TORONTO – If Toronto Mayor John Tory plans to bid for the 2024 Summer Olympics, he’ll have to quell concerns in his own council about the financial risks involved.
The head of the city’s budget committee said Tuesday that now that the excitement over the Pan Am Games has faded, he is feeling more uncertain about supporting a possible Olympic bid.
“I’m taking a cautious step back now and looking at the numbers very carefully,” Gary Crawford said.
“There are a lot of unanswered questions at the moment that need to be answered: who’s going to be paying for the bid — $50 million to $60 million — where’s the support from the provincial (and) federal governments, that’s an absolute key necessity, and where the private sector is,” he said.
Though he hasn’t consulted all 43 of his council colleagues, Crawford said he’s heard others voice doubts.
“Everyone is being very cautious about moving forward and they’re not sure,” he said.
Cities looking to host the 2024 Games have another two weeks to officially register their interest with the International Olympic Committee, which secures them the right to submit a bid.
Tory doesn’t need council’s approval to send an application letter, but he does need it to move forward with a pitch.
The mayor said Tuesday he’s spoken briefly to Ontario Premier Kathleen Wynne and Prime Minister Stephen Harper about the possibility of a bid, but wants to confer with the remaining federal leaders and city council on the matter.
Tory also maintains he wants to carefully weigh the pros and cons before deciding whether to even submit a letter to the IOC.
“Concerns about finances are on my mind too,” he said. “That’s why I’m not just blindly saying let’s just sign a letter and go ahead with this.”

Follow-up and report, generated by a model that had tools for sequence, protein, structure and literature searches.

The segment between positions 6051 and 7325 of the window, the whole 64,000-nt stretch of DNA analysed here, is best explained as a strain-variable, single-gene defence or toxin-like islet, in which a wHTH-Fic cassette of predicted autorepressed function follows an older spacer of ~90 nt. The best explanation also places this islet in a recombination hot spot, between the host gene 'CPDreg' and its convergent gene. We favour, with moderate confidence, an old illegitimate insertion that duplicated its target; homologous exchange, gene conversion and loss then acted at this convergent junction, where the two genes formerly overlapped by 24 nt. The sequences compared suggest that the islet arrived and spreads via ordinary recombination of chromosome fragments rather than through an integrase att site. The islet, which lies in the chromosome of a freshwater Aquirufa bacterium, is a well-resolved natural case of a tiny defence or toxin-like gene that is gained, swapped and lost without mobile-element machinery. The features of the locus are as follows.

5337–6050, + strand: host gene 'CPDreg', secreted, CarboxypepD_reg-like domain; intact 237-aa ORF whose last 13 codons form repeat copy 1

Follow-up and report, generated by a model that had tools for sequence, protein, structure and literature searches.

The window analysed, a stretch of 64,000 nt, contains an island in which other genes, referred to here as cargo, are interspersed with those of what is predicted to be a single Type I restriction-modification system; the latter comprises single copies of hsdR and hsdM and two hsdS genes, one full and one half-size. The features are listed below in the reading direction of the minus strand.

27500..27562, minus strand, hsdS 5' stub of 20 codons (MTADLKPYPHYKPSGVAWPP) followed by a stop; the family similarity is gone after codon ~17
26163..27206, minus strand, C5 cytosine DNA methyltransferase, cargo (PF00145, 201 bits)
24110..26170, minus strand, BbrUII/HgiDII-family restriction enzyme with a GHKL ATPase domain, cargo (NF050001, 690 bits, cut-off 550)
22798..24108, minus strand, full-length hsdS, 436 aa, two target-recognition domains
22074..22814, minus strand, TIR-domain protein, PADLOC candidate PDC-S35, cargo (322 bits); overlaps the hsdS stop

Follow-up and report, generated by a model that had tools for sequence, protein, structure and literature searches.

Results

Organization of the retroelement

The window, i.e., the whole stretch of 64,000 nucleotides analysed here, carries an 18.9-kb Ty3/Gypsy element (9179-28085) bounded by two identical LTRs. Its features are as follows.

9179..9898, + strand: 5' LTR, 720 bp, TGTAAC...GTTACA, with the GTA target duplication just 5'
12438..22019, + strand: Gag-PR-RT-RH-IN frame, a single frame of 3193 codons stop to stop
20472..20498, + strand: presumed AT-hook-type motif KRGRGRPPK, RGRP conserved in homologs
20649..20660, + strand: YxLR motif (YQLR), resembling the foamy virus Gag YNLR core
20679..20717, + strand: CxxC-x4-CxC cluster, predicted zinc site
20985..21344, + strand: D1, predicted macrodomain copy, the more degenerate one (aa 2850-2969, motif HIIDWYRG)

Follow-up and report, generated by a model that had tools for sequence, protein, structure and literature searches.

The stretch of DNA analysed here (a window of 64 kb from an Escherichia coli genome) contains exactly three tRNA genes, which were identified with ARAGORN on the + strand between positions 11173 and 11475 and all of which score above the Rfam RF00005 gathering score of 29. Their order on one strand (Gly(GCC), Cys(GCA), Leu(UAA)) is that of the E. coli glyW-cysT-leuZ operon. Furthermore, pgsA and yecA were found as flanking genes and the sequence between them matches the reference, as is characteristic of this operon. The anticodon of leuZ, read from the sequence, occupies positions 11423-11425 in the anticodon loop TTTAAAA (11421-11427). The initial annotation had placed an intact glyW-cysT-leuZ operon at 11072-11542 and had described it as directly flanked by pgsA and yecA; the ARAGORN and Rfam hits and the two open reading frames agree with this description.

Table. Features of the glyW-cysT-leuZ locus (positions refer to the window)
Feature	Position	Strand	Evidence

A municipal study previously estimated bidding alone would cost between $50 million and $60 million, and hosting the Games would cost between $3.3 billion and $7 billion.
The Canadian Olympic Committee, which has been pushing for Toronto to enter the race, says new rules from the IOC would make both bidding and hosting more affordable, but at least one expert says the price will likely be higher than the city previously predicted.
The COC has also offered to pay the $150,000 application fee that must be sent in with the letter by the Sept. 15 deadline, Crawford said.
The councillor said he’s in favour of sending the application letter, but won’t support using taxpayer money to finance the bid, and should Toronto officially throw its hat in the ring, he won’t agree to a contract that would leave the city on the hook for any cost overruns.
Boston’s mayor rejected a similar agreement in July, effectively killing the city’s bid. Los Angeles has indicated it would step in as a replacement, and city council there was poised to vote on the issue Tuesday.
Rome, Paris, Hamburg, Germany, and Budapest, Hungary, have also expressed interest in competing to host the 2024 Games.
Toronto Coun. James Pasternak, who also sits on the budget committee, said the city would be better off waiting to bid for the next Summer Games instead of rushing into a risky last-minute attempt.
“There’s instability at the federal level, what with the election there, there’s a provincial government which is very constrained financially, we need to hear from the private sector, who will be a major partner,” he said. “Pulling all that together usually takes months.”
“I think the ship has sailed for 2024,” he said. “Our hope at this point would be that a non-North American city wins 2024, that Los Angeles loses, and that 2028 is really our chance.”
Toronto has unsuccessfully bid for the Games twice, most recently for the 2008 Summer Games that went to Beijing. Bids were also discussed, but not submitted, on at least three more occasions.
— with files from The Associated Press